Opioid withdrawal


  • Opioid withdrawal can be precipitated with administration of antagonist (e.g. naloxone) or partial agonist (e.g. buprenorphine). [1] or as a result of cessation of use.
  • Symptoms are usually uncomfortable but not life-threatening and manifest with agitation and restlessness but does not cause altered mental status
  • Symptoms may resemble that of Influenza [2]
    • Catecholamine surge during withdrawal may cause a level of hemodynamic instability that may not be tolerated by patients with co-morbid conditions
    • Withdrawal can be life-threatening in neonates

Adult Opioid Withdrawal

  • Heroin: onset 6-12 hours, peak 36-72 hours, duration 7-10 days
  • Methadone: onset 30 hours, peak 72-96 hours, duration 14 days or more
  • If symptoms are from naloxone-induced withdrawal, typically the duration of symptoms are generally < 1 hour but can be severe

Neonatal Opioid Withdrawal

Clinical Presentation

  • Time to peak and duration of symptoms depends on the half-life of the drug involved

Early symptoms

  • Agitation/restlessness
  • Anxiety
  • Muscle aches
  • Increased tearing
  • Insomnia
  • Runny nose
  • Sweating
  • Yawning
  • Skin-Crawling
  • May be tachycardic and/or tachypneic but not necessarily

Late symptoms

  • Unlike alcohol or benzodiazepine withdrawal, patients rarely have seizures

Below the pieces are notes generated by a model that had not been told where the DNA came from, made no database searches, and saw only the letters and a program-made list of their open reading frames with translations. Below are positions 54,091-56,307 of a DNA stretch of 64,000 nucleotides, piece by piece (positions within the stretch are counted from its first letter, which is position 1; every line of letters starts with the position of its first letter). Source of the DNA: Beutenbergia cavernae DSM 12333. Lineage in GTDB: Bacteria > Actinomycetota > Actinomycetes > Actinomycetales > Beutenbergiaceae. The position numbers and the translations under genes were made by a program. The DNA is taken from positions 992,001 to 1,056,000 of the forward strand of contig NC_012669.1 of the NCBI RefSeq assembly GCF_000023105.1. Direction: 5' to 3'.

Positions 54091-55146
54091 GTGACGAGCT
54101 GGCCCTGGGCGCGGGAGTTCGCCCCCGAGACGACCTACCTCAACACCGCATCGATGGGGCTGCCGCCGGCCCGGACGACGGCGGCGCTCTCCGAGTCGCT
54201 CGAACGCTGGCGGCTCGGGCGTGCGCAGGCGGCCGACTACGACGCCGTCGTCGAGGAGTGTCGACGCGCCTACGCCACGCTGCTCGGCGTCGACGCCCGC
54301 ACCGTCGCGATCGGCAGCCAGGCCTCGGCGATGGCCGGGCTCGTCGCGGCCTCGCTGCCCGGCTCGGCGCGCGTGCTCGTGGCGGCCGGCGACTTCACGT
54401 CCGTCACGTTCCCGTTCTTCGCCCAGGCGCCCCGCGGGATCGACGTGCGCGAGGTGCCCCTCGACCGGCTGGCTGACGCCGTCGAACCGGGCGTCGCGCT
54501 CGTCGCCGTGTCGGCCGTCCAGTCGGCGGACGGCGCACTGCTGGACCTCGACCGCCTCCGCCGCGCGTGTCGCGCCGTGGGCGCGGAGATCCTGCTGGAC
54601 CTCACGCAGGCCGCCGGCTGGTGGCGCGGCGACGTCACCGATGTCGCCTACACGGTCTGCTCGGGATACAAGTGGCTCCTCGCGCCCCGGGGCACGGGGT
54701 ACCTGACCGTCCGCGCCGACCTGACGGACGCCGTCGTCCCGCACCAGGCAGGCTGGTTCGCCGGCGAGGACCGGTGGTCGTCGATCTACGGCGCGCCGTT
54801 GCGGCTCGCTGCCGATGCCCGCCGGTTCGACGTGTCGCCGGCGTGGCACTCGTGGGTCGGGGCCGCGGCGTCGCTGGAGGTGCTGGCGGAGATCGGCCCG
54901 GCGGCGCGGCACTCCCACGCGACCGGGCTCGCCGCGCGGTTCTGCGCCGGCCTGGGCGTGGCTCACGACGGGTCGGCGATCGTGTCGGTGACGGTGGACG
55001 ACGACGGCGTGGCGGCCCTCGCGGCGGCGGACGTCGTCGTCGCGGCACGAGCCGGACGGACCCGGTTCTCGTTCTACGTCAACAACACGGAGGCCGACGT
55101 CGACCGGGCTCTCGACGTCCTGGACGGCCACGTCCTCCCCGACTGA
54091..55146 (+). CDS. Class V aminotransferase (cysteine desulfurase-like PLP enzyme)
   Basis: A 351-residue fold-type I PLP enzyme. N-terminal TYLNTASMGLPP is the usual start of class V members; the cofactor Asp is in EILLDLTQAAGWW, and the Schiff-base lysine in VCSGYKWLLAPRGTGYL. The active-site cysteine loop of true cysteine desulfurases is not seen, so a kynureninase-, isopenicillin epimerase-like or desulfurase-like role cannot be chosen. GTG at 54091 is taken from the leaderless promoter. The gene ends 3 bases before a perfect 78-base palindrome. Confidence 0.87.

• Altered mental status is also not part of opiod withdrawal signs

Differential Diagnosis

Differential is largely based on clinical symptoms and history


  • Clinical diagnosis
    • Consider a UDS
    • Clinical Opiate Withdrawal Score (COWS) can be used to determine severity


Treatment is largely supportive without the need for any pharmacologic intervention in the ED unless there is serious hemodynamic abnormalities

Supportive Care

  • PO/IV hydration
  • Electrolyte repletion

Opioid replacement

  • Opioid administration such as morphine can be given as needed for symptom control


  • A central alpha 2 agonist that does suppress the sympathetic hyperactivity that results during acute withdrawl
  • Dosing: 0.1mg PO (or 5mcg/kg PO if SBP >90 mmHg) every 60 minutes as needed for sympathetic symptoms
    • Major adverse effect is hyptentsion
  • Clonidine patches are not useful for acute withdrawl due to the 24hr delayed release


  • Generally reservered for outpatien thterapy
  • Decreases serotonergic activity[4]


  • Can be added along with with clonidine for adequate sedation
  • Antihistamines


  • Consider if withdrawal was precipitated by interruption in opioid use, NOT if antagonist (e.g. narcan) was given
  • Dose: 10mg IM or 20mg PO


  • Patients who need long term detoxification can be admitted or transferred to detox facilities
  • If patients are going to continue to use opioids then those who are stable can be discharged
  • Patients with severe withdrawal requiring sedation and continued monitoring should be admitted

See Also


  1. Olmedo R, Hoffman RS. Withdrawal syndromes. Emerg Med Clin North Am. 2000;18(2):273–88.
  2. Kosten TR, O’Connor PG. Management of drug and alcohol withdrawal. N Engl J Med 2003;348:1786-95
  3. Doberczak TM et al. Relationship between maternal methadone dosage, maternal-neonatal methadone levels, and neonatal withdrawal. Obstet Gynecol. 1993. 81:936–940.
  4. Van den Brink W et al. Evidence-based treatment of opioid-dependent patients. Can J Psychiatry 2006; 51:635.